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Bio Metrics

Bio Metrics

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Published by Dilip Sudev
bio mimetic robots
bio mimetic robots

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Categories:Types, Research, Science
Published by: Dilip Sudev on Sep 10, 2010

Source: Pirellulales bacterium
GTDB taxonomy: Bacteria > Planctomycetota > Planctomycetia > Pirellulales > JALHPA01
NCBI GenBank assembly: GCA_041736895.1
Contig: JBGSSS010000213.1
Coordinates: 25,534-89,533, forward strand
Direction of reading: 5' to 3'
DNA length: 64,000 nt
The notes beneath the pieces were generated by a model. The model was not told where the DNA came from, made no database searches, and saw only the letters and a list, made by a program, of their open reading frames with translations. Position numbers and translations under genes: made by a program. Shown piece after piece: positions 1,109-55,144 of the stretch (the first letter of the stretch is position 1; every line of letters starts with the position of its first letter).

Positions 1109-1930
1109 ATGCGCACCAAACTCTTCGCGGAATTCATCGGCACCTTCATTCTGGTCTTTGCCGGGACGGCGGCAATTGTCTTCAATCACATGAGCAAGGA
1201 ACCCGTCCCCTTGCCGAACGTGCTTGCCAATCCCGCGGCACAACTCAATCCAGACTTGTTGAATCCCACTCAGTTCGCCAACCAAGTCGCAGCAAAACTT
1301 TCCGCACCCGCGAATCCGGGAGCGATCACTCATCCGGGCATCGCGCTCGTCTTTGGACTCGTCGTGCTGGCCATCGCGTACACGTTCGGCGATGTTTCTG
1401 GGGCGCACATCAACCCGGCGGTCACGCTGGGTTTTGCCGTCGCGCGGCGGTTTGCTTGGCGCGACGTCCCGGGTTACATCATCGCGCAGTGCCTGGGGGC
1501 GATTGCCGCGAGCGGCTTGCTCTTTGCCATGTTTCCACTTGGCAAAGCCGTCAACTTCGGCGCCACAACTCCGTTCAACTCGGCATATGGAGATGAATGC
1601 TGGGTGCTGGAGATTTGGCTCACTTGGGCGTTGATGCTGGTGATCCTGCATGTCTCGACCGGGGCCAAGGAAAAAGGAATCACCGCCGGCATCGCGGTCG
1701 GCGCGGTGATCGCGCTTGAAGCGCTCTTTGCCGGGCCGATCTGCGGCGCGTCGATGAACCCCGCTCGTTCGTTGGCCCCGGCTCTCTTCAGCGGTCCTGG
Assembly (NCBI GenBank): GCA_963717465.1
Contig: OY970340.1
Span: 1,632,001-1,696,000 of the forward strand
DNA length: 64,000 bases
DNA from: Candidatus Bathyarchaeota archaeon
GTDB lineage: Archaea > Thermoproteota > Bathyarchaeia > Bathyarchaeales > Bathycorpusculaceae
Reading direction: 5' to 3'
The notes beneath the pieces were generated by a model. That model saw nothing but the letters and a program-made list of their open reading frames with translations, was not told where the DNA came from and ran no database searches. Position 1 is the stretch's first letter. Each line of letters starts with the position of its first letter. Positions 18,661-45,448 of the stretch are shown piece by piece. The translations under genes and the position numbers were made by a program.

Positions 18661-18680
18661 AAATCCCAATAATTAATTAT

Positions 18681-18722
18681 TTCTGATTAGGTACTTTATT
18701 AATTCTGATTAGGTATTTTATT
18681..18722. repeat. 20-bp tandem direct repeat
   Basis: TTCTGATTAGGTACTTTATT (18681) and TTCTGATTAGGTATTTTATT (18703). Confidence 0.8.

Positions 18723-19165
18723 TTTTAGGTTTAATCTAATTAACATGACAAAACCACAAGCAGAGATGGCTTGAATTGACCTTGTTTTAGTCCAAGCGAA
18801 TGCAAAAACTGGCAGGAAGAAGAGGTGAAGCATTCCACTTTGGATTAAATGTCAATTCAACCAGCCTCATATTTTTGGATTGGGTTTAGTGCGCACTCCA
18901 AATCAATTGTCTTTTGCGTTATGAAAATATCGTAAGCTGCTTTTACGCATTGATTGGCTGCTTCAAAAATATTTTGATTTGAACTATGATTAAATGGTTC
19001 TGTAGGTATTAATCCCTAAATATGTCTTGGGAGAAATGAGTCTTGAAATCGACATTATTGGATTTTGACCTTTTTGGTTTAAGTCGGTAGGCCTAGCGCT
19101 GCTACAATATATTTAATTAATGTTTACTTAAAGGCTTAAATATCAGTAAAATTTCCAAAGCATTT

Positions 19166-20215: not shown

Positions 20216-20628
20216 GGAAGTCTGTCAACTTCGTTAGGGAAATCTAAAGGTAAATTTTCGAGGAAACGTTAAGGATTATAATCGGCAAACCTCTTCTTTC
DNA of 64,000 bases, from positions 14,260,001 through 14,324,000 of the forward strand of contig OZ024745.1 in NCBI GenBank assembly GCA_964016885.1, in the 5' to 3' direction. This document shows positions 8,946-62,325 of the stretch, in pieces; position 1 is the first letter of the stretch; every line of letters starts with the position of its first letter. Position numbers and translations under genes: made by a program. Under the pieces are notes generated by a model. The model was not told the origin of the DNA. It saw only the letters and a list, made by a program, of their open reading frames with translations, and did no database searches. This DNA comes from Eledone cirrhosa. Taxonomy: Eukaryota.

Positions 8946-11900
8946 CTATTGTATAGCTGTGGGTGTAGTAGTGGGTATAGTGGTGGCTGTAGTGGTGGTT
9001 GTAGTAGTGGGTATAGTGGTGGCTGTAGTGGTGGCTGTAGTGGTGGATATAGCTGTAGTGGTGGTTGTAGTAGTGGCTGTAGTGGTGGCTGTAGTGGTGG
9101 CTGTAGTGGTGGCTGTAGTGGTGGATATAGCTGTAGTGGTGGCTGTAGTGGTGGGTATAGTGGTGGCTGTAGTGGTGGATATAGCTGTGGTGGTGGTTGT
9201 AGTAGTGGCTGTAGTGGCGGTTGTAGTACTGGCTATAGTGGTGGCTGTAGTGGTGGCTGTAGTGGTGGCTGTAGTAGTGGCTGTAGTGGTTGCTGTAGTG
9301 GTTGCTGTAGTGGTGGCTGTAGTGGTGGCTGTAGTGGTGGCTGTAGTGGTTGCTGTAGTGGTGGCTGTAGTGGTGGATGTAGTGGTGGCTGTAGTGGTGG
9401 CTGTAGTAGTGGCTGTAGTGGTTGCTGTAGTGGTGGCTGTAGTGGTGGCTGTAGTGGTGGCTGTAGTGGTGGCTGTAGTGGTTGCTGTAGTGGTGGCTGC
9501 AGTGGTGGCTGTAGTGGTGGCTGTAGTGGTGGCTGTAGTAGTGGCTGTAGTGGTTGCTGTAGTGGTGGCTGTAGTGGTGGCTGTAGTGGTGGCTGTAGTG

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Many organizations struggle with the problem of authentication; how users prove their identity in order to get access to applications or other resources. How strong or how secure does the authentication process need to be? Is the combination of a username and password sufficient? If not, should a token device – like SecurID or digital certificate be required? None of these solutions is without its problems. In recent years, biometric technology has emerged as a practical alternative that offers a reasonable level of security. This brief paper offers some insight into the key benefits and critical limitations of the technology. Biometrics, defined broadly, is the scientific discipline of observing and measuring relevant attributes of living individuals or populations to identify active properties or unique characteristics Bank auto-teller machines have improved the security level with the requirement that the customer must also provide something known, such as a PIN number. Keys, transponders and smart-cards can be stolen, and, in some cases, copied. PIN number or other forms of knowledge, such as passwords, can be forgotten or observed and are also inconvenient to remember and use. Biometrics provides the advantage that access is based on who the user is, and not on what is possessed or known. This implies that the driver himself becomes the key. Convenience is improved, as a key or transponder are no longer required.